As the dust settles over Mid Staffs and the PM’s commission, the battle for the public perception of nursing rages on. Are you a Nurse Jackie? Or more of a Carry On? Beyond the Bedpan tries to make sense of it all, and fails miserably.
Well it’s safe to say that the Prime Minister’s Commission on the Future of Nursing and Midwifery did not pass quietly. The commission’s final report, released this week after being leaked to Nursing Times the week before, had a lot to say.
The headline-grabbing ‘nursing pledge’ did not go down well.
The government, through the nursing and political heavyweights of CNO Christine Beasley and health minister (and former nurse) Ann Keen, naturally defended their work, claiming the pledge was necessary to boost public perceptions of nursing and the wider progress of the profession.
While the debate fizzed, it was left to Unison head of nursing Gail Adams take a more moderate line. Nurses were neither ‘saints nor sinners’ she said, and the commission had succeeded in ‘sweeping away old fashioned ideas and replacing them with the reality of the highly professional nurses and midwives of today’.
The commission’s aims were true, and none could argue with the assertion that nurses should ‘champion care from the point of care to the board’.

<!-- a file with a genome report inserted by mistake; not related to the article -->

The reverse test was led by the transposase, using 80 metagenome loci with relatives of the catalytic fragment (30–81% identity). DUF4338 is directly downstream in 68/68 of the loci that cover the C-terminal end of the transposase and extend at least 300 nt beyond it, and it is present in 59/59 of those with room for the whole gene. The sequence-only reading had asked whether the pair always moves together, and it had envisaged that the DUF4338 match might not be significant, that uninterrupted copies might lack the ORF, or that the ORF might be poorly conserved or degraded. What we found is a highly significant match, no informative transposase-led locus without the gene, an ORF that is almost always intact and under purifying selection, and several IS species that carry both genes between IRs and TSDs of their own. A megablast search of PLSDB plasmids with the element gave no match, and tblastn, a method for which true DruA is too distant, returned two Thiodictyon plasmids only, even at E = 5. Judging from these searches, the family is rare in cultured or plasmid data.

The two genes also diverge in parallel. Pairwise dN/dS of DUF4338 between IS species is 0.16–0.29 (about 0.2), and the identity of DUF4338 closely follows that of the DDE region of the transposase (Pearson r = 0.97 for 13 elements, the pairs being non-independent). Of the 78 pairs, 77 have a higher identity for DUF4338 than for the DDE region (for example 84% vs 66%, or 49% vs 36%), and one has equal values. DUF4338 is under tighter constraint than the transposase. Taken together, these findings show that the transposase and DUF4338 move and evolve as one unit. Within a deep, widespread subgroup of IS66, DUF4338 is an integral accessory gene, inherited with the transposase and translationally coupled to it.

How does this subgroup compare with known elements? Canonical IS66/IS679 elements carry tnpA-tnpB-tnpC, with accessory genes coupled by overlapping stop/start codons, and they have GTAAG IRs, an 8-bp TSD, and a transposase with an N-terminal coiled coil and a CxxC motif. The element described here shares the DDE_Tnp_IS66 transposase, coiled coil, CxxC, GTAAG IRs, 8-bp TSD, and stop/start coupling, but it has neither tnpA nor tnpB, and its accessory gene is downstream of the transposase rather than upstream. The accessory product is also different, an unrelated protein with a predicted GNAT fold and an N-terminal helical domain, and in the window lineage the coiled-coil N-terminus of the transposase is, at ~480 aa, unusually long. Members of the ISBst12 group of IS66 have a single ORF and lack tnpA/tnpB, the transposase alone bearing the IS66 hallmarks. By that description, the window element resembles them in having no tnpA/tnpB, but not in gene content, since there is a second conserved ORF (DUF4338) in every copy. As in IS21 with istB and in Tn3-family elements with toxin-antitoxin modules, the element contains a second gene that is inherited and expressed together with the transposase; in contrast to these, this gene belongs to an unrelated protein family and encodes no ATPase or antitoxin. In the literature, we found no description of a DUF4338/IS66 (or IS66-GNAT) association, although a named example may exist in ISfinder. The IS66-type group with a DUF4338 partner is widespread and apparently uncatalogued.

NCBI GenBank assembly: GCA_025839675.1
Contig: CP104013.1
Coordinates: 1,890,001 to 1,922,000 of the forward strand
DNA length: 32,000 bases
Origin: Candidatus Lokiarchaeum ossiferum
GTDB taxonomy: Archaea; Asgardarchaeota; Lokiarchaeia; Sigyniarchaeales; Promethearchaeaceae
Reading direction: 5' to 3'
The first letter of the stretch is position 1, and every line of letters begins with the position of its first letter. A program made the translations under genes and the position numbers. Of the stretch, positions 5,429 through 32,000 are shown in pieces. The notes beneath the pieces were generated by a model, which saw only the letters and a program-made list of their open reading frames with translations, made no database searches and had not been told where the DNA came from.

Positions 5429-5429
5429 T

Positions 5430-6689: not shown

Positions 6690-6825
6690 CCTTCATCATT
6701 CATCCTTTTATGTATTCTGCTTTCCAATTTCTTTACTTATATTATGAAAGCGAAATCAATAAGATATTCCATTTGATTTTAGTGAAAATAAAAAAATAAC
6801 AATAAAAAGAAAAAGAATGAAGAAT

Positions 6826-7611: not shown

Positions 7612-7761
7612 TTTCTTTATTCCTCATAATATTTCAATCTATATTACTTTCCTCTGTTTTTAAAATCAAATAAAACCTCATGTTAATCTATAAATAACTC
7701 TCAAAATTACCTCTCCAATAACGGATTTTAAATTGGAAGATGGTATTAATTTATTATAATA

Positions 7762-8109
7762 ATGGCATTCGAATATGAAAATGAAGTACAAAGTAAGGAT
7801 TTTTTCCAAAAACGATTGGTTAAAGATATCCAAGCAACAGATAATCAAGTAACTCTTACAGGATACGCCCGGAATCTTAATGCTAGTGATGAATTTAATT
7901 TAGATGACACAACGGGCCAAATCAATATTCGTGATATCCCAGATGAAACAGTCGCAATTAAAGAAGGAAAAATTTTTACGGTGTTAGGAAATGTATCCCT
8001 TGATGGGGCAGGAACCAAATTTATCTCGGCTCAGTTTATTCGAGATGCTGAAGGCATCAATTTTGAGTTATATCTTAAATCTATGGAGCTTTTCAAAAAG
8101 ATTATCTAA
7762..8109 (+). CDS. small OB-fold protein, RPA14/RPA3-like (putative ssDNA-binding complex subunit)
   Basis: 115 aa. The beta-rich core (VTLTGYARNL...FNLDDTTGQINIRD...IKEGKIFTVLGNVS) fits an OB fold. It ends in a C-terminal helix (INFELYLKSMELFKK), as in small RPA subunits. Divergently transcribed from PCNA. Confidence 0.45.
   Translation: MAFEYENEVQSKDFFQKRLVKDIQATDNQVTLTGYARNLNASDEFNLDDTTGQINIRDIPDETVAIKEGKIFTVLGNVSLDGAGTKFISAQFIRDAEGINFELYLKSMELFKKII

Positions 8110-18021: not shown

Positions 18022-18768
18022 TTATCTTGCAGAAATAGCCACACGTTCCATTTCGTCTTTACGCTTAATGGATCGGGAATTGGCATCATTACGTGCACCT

But the issue of public perception will not go away, and everyone seems to have an opinion. Some newspapers predictably used the news to attack nurses in general while many in nursing, no doubt including the commission itself, were disappointed that it was seen as denigrating rather than empowering nurses, as it set out to.
Beyond the Bedpan, who has been known to miss the point completely, thinks the ensuing debate is a bunch of hot air. There are always will be good nurses, and there will always be isolated incidents of bad nursing. The political point-scoring simply does not affect the majority of nurses in the wards, practices and community settings, whose essential work goes on regardless.
But it is hard to make this understood, and isolated examples of sub-standard nursing, like the catalogue of care failures in Mid Staffs, will always leave a lasting imprint on the national psyche. Likewise a nurse who finishes a 12-hour shift only to read in the papers that she must try harder, is entitled to feel aggrieved.
Ms Adams sums up by saying that nurses ‘would more relate to the patient advocate role in Nurse Jackie, than to Carry on Nurse’.
For the uninitiated, Nurse Jackie is the hero of a hit US drama, heroically navigating through a sea of obsessive patients and sleazy doctors to look after her patients. The ‘Carry on’ nurse is a saucy little devil with a mean line in slapstick innuendo, who would probably be too busy throwing herself at dashing young patients to sign any pledges.
All getting a bit silly? That’s what we thought.
Keep up the good work.